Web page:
Blistering speed. Immense power. Ocean wanderers. These are just a few terms used to describe billfish. Another word that could be used is “threatened.”
Commonly referred to as swordfish, billfish are actually a group of 11 different species (not including swordfish, proper) that can grow to 14 feet long and close to 2,000 pounds. Roaming thousands of miles of open ocean in search of food and defending themselves from real-life versions of JAWS is just another day at the office for these amazing fish, but they are ill-equipped to handle our desire for seafood. As a result of billfish being caught on lines intended for swordfish and tuna, populations worldwide are on the decline. To effectively conserve these species we need to know more about their lives out in the open ocean.
Enter Crittercam. For the next two weeks, the National Geographic Crittercam program will be heading down to Tropic Star Lodge in the remote jungles of Panama to unlock the secret lives of billfish. Catch-and-release anglers flock to this remote jungle outpost every year to test their strength against giant black and blue marlin, happy to watch the fish swim away to be caught again another day. The difference now is that during our project, these fish will swim away wearing Crittercams.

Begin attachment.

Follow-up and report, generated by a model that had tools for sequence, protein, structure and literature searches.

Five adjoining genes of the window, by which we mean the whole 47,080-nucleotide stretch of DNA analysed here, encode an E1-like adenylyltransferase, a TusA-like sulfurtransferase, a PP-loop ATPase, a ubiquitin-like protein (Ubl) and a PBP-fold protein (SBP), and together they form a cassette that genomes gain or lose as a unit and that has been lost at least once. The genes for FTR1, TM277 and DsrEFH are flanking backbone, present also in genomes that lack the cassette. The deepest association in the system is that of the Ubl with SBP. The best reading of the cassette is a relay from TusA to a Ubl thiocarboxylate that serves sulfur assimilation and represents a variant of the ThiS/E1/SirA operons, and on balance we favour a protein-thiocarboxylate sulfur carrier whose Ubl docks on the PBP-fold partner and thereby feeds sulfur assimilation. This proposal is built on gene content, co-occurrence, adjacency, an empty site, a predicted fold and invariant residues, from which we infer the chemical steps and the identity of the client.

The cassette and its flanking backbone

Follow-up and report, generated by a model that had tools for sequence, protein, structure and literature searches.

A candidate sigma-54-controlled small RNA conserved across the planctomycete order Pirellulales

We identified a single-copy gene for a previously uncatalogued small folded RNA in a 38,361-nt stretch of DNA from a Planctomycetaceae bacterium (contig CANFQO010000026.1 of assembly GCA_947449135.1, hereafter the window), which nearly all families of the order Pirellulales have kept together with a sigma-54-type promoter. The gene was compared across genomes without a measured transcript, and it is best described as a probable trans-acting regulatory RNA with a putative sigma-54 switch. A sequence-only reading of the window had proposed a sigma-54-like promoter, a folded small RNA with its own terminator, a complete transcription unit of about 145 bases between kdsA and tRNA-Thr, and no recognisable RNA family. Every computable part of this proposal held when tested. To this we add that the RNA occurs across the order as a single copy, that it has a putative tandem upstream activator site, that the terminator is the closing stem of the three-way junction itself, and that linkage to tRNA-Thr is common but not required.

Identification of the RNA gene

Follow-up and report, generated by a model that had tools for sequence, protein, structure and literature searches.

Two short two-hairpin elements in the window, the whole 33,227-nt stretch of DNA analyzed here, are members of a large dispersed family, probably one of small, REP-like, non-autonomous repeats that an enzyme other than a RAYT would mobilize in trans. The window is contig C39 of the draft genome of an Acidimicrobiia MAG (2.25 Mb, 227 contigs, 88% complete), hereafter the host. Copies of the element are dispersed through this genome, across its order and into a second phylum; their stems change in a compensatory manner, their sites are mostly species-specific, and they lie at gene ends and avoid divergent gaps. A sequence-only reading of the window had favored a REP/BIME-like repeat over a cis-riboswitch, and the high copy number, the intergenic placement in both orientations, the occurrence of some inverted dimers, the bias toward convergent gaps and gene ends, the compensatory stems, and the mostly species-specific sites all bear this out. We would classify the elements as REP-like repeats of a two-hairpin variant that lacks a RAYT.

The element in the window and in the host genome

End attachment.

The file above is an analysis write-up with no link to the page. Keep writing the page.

These unique cameras will allow the marlin to film their lives away from human influence. The cameras also carry a tiny data pill which records depth and temperature allowing researchers to get a picture of the marlin’s entire life. In this way, we hope to learn about behaviors that have never been witnessed by humans (such as breeding), but are vital for billfish conservation. This information will also help improve catch-and-release fishing practices to ensure that these fish will roam the oceans for generations to come.